The Biden administration announced Friday it would lease a handful of spots in the Gulf of Mexico to oil companies for drilling over the next five years, a move that is likely to anger both climate activists and the fossil fuel industry.
The administration said oil and gas companies would be able to drill in just three new areas in the Gulf between 2024 and 2029, the smallest number of lease sales offered since the federal drilling program began decades ago.
Under a new law, the government must offer leases for oil drilling before it can invite developers to build wind farms in federal waters. Producing clean electricity from wind turbines is one of President Biden’s top priorities as he tries to reduce the fossil fuel pollution that is dangerously heating the planet.
Deb Haaland, the Interior Department secretary, said in a statement that the plan “sets a course for the department to support the growing offshore wind industry and protect against the potential for environmental damage and adverse impacts to coastal communities.”
The five-year plan is significant because the government cannot conduct any lease sales that are not specified in the plan, and the time frame is such that it determines the actions of a future administration.
The oil industry, which had pressed for unfettered access to waters around the United States, warned that limiting its opportunities to drill would force the country to increase oil imports from countries with lax environmental standards.
Climate advocates want the administration to end new leasing altogether. Scientists around the world have said that nations must stop new fossil fuel projects to prevent the most cataclysmic impacts of global warming.
“This decision is beyond disappointing,” Beth Lowell, the vice president of Oceana, an environmental group, said in a statement. “Expanding dirty and dangerous offshore drilling only exacerbates the climate catastrophe that is already at our doorstep.”
As a candidate, Mr. Biden had promised “no new drilling, period” on public lands and in federal waters. But time and again, he has been compelled by courts or Congress to approve new drilling.
Emissions from burning fossil fuels extracted from federal lands and waters account for almost 25 percent of the country’s greenhouse gas emissions, according to the U.S. Geological Survey.
The 1953 Outer Continental Shelf Lands Act requires a plan to be updated every five years that lays out where the government would lease its offshore mineral, gas and oil resources, subject to environmental review.
The last version of the plan was finalized under President Barack Obama and expired in 2022. President Donald J. Trump proposed opening virtually all United States waters to oil and gas drilling but then declared a moratorium off the coasts of Florida, Georgia and South Carolina after Republican leaders in those states said they feared drilling could mar beaches and harm tourism. His plan was never finalized.
Mr. Biden’s plan will undergo a 60-day congressional review before it can be implemented.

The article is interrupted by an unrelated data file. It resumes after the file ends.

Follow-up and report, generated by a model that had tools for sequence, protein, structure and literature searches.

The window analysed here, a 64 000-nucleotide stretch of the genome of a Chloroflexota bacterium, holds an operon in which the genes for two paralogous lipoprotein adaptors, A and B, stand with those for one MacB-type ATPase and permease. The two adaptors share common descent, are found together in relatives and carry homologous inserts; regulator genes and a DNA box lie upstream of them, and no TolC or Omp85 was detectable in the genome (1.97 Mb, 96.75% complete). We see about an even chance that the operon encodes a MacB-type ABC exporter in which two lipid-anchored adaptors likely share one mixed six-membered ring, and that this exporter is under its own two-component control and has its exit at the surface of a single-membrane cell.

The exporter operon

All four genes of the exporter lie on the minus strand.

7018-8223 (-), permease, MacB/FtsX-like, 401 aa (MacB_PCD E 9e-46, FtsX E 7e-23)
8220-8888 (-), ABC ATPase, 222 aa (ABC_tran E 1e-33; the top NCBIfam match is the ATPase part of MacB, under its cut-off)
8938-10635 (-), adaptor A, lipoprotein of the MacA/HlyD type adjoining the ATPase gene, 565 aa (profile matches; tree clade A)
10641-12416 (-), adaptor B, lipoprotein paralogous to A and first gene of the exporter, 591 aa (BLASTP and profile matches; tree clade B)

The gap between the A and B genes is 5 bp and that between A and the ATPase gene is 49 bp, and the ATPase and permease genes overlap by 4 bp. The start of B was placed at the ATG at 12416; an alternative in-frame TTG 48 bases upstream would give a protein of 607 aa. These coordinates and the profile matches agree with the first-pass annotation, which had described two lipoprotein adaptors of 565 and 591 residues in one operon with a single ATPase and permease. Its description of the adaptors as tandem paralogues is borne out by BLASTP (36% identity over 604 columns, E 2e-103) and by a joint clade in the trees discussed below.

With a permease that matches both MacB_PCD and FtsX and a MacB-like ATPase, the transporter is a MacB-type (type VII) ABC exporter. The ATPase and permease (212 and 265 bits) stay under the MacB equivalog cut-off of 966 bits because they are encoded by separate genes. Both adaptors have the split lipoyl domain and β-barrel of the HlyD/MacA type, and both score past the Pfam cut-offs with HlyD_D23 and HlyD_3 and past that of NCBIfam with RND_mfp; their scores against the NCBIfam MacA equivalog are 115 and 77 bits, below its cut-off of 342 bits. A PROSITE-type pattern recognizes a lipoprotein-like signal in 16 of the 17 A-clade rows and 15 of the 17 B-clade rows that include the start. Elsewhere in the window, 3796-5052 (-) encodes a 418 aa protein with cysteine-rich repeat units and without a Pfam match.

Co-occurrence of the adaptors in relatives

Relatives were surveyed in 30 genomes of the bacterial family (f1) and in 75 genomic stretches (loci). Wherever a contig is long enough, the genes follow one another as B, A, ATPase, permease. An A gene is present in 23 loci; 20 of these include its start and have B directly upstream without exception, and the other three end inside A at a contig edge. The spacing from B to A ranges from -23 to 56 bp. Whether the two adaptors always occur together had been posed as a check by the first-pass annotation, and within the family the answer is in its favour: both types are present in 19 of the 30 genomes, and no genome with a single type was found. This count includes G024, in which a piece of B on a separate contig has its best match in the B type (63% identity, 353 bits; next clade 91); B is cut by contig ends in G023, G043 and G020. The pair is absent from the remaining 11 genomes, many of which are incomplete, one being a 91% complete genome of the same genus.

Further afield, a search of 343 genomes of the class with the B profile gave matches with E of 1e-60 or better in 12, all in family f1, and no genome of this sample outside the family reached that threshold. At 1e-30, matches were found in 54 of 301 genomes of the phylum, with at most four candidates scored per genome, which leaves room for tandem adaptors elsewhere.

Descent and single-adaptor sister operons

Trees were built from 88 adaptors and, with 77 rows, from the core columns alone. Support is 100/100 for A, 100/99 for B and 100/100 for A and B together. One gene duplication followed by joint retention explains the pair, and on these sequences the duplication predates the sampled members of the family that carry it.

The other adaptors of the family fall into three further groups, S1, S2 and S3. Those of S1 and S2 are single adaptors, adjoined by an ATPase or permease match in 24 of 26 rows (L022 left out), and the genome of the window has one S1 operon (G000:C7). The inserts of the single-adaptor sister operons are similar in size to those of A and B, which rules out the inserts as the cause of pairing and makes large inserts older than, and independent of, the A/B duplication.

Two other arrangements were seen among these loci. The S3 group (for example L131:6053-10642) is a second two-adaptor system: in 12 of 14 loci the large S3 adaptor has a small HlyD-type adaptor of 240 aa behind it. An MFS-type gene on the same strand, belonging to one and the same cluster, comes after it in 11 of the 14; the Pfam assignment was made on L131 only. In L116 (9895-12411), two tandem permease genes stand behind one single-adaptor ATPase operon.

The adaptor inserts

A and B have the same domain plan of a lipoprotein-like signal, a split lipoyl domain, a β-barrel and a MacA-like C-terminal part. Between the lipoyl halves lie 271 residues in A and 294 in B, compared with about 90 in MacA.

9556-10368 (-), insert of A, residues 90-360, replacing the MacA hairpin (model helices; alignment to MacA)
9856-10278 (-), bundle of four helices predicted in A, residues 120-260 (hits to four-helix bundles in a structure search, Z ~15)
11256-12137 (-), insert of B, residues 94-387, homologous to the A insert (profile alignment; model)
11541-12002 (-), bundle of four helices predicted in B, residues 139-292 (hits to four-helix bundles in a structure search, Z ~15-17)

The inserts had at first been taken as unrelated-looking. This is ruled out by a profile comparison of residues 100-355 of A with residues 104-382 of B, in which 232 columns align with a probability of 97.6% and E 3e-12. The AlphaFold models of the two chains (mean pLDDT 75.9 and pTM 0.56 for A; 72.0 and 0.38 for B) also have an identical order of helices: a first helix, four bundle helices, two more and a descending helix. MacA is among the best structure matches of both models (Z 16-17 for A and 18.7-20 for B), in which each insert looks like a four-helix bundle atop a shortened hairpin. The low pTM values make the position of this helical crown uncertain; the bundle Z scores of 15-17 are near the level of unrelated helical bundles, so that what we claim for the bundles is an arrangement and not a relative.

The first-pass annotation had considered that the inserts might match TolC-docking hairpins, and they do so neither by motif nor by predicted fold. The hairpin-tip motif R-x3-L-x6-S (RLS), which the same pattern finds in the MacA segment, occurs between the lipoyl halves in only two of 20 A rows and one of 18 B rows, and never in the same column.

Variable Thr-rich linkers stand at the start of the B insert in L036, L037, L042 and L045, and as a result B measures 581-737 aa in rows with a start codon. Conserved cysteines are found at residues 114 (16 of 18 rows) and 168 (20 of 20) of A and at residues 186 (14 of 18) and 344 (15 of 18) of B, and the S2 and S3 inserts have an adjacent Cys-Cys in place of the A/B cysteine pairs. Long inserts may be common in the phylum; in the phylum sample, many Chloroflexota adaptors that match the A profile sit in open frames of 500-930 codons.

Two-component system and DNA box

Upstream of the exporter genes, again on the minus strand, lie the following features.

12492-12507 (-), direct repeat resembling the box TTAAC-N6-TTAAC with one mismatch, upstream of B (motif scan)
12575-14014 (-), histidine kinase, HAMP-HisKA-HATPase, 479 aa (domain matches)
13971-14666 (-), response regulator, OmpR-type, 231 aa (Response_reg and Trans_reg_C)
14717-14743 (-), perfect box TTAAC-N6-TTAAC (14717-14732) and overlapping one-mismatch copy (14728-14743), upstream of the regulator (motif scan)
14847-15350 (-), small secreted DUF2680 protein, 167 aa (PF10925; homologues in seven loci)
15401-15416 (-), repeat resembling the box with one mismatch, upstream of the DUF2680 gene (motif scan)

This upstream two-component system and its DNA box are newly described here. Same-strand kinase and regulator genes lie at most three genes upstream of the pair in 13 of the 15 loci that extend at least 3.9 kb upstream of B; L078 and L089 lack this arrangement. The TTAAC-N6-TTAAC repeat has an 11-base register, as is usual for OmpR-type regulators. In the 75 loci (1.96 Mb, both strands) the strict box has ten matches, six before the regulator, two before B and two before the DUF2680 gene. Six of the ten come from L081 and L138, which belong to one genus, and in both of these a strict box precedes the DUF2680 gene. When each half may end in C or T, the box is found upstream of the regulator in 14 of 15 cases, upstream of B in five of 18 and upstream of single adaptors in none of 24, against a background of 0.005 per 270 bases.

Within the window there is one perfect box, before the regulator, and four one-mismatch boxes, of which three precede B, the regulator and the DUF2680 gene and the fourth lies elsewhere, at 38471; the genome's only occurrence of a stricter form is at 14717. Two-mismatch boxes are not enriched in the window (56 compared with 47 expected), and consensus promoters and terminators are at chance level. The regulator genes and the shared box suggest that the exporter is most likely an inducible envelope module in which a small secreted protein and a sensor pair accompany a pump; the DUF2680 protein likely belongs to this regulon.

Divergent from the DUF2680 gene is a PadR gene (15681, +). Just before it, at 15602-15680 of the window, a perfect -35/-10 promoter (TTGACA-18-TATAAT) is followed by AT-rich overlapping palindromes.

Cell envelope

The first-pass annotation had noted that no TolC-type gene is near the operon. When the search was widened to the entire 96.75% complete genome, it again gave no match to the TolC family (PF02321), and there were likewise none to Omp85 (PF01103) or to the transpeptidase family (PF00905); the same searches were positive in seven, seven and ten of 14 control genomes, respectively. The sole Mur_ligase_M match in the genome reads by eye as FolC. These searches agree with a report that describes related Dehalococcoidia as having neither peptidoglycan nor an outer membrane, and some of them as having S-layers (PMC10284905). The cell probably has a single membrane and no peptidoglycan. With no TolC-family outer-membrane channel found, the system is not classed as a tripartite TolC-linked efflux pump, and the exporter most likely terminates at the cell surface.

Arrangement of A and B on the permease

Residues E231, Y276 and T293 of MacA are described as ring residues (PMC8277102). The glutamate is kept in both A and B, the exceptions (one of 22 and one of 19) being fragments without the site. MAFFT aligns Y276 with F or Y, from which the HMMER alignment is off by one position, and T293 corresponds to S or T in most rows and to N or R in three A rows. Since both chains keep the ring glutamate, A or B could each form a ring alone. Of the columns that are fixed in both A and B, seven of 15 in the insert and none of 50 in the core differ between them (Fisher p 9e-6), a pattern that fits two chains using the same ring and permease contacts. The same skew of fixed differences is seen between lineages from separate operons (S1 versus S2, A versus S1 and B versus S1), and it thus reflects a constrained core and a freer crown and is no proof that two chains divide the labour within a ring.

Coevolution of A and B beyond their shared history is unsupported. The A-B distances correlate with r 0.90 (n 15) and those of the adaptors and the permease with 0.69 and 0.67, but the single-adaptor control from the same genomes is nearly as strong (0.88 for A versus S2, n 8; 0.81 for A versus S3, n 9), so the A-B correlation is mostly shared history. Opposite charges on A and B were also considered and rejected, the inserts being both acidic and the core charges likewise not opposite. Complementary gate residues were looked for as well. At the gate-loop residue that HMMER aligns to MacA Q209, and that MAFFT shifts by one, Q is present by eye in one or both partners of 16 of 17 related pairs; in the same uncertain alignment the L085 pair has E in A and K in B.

The three areas to be leased are in the western and central Gulf of Mexico. According to the Interior Department, the government chose sections where oil and gas facilities already exist. The Gulf is the primary source of offshore oil and gas in the United States.
The agency said that limiting potential leases put the plan in line with President Biden’s goal for the United States to stop adding greenhouse gases to the atmosphere by 2050.
Erik Milito, president of the National Ocean Industries Association, which represents offshore oil, gas and wind companies, said that limiting drilling not only harmed the economy but also could hurt efforts to fight global warming because gas could replace coal, the dirtiest of the fossil fuels.
“This not only compromises our energy security and economic well-being but also hampers our progress in reducing emissions and addressing climate change,” Mr. Milito said.
However, methane, a far more potent greenhouse gas than carbon dioxide in the short term, frequently leaks from natural gas production and is a growing concern among climate scientists.
Republicans and oil industry leaders are expected to challenge the new five-year plan in court, although that may prove difficult because the Outer Continental Shelf Lands Act does not require a minimum number of lease sales.
Still, the Inflation Reduction Act of 2022 does require oil and gas lease sales as a condition of leasing waters for wind farms. Before it can allow wind farms to be built in federal waters, the government must first offer at least 60 million acres offshore in the previous year for oil and gas leasing. The provision was included in the law by Senator Joe Manchin III of West Virginia, a fossil-fuel-friendly Democrat.
Mr. Biden has set a goal of deploying 30 gigawatts of offshore wind by 2030, enough to power 10 million homes. The administration said that it had already approved four commercial-scale offshore wind projects and that it expected to review at least 16 more offshore wind projects by 2025. Together, they would produce more than 27 gigawatts of electricity, it said.
Environmental groups have argued that the Biden administration has consigned Gulf communities to health impacts from exposure to oil and gas drilling, refineries, petrochemical plants and other related facilities that crowd the coastal states of Louisiana, Texas, Alabama and Mississippi.
“The Gulf is the sacrifice zone of America and people of this region are so tired of being sacrificed,” said Christian Wagley, an organizer with Healthy Gulf, a nonprofit group based in New Orleans.